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Wilson v. Federal Mine Safety and Health Review Commission

United States Court of Appeals, District of Columbia Circuit

July 21, 2017

Michael Wilson, Petitioner
v.
Federal Mine Safety and Health Review Commission, et al., Respondents

          Argued May 4, 2017

         On Petition for Review of an Order of the Federal Mine Safety and Health Review Commission

          Tony Oppegard argued the cause for petitioner. With him on the briefs were Wes Addington and Evan B. Smith.

          Donna M. Faraq, Student Counsel, argued the cause for respondent Jim Browning. With her on the brief were Erica J. Hashimoto, Director, and Luke Sullivan, Student Counsel.

          Before: Rogers, Millett and Pillard, Circuit Judges.

          Rogers, Circuit Judge.

         The question presented by the petition is whether the Federal Mine Safety and Health Review Commission, upon declining to review a decision of an Administrative Law Judge, see 30 U.S.C. § 823(d)(1), erred in rejecting Michael Wilson's complaint of unlawful "interference" with his rights as a miners' representative under the Federal Mine Safety and Health Amendments Act of 1977 ("the Mine Act"), 30 U.S.C. § 815(c)(1). Wilson's challenge arises in the context of a Section 105(c) "interference" allegation by a non-employee representative of miners against a non-management employee. See 30 U.S.C. § 815(c). He contends that the Administrative Law Judge erred as a matter of law in assessing whether "interference" occurred and in applying the Commission's summary decision standard. For the following reasons, we deny the petition.

         I.

         Congress adopted the Mine Act "to protect the health and safety of the Nation's . . . miners." Thunder Basin Coal Co. v. Reich, 510 U.S. 200, 202 (1994) (quoting 30 U.S.C. § 801(g)). The Mine Act charges two separate agencies - the Secretary of Labor and the Federal Mine Safety and Health Review Commission - with "complementary policymaking and adjudicative functions." Prairie State Generating Co. v. Sec'y of Labor, 792 F.3d 82, 85 (D.C. Cir. 2015). The Secretary, acting through the Department of Labor Mine Safety and Health Administration ("MSHA"), has rulemaking, inspection, and enforcement authority, and the Secretary's reasonable interpretation of the Mine Act is "accorded deference by both the Commission and this Court." CalPortland Co. v. Fed. Mine Safety & Health Review Comm'n, 839 F.3d 1153, 1162 (D.C. Cir. 2016). The Commission is an adjudicatory body "independent of the Secretary." Prairie State, 791 F.3d at 85-86 (citing 30 U.S.C. §§ 815(d), 823).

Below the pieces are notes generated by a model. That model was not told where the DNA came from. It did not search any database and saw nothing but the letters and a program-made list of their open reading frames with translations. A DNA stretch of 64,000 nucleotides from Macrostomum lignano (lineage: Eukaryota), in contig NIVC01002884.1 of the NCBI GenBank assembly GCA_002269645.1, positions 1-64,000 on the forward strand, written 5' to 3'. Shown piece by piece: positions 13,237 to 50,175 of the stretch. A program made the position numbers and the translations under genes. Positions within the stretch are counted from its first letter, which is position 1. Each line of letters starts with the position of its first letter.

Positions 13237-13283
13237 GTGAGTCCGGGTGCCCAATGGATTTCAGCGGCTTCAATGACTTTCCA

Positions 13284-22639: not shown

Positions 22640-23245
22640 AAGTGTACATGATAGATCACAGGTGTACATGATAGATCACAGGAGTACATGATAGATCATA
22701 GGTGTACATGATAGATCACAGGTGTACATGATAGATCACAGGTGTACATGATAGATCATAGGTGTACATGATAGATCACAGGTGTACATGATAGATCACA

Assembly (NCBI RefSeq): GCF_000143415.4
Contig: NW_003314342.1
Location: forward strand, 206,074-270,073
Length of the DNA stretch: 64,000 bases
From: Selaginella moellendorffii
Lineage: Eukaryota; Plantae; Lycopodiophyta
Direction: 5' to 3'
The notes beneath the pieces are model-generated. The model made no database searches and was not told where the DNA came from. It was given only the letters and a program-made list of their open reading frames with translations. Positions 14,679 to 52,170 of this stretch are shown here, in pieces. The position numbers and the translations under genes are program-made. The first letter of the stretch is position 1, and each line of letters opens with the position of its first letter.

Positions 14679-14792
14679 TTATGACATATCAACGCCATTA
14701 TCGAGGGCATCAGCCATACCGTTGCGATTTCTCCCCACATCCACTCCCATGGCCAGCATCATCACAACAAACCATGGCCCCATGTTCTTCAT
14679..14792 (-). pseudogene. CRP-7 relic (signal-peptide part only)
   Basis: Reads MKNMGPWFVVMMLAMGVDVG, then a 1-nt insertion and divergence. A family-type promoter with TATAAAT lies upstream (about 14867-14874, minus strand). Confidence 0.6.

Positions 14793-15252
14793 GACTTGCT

Section 105(c)(1) of the Mine Act provides that "[n]o person shall . . . interfere with the exercise of the statutory rights of any miner [or] representative of miners . . . because of the exercise by such miner [or] representative . . . of any statutory right afforded by [the Mine Act]." 30 U.S.C. § 815(c)(1). Miners' representatives have the statutory right of access to the company's records for purposes of examining whether hazardous conditions exist or violations of mandatory health and safety standards have occurred. See 30 U.S.C. §§ 813(h), 863(d)(1), (e), (f); 30 C.F.R. §§ 75.360(b), (h), 75.363(b), (d). The Secretary has concluded that "interference" occurs when:

1.A person's action can be reasonably viewed, from the perspective of members of the protected class and under the totality of the circumstances, as tending to interfere with the exercise of protected rights, and
2. The person fails to justify the action with a legitimate and substantial reason whose importance outweighs the harm caused to the exercise of protected rights.

McGary v. Marshall Cnty. Coal Co., 38 FMSHRC 2006, 2011 (Aug. 26, 2016); see also Franks v. Emerald Coal Res., LP, 36 FMSHRC 2088, 2108 (Aug. 29, 2014) (Chairman Jordan and Comm'r Nakamura, separate op.) (citing Sec'y Amicus Br. at 10). The Commission has not settled upon a test for interference. See McGary, 38 FMSHRC at 2012 n.11; id. at 2028 n.22 (Chairman Jordan and Comm'r Cohen, concurring in part and dissenting in part). In Wilson's case, the Administrative Law Judge ("ALJ") applied the Secretary's test, Wilson v. Browning, 38 FMSHRC 1161, 1163 (May 18, 2016) ("Dec."), and neither party has challenged that test. See Pet'r's Br. 27-29; Resp't's Br. 15 n.6.

         Michael Wilson is a former employee of Parkway Mine, which is located in Muhlenberg County, Kentucky and operated by Armstrong Coal Company In February 2014, Wilson began to serve as a representative of miners. Upon his retirement in May 2015, he continued to serve as a miners' representative. In a discrimination complaint filed with MSHA, Wilson claimed that on June 13, 2015 Jim Browning, who worked as a miner for Armstrong Coal at the underground Parkway Mine, violated Section 105(c) by interfering with his statutory right as a miners' representative to inspect the mine's examination books. Wilson requested that Browning be fined, required to undergo training, and ordered to cease and desist from future violations of ...


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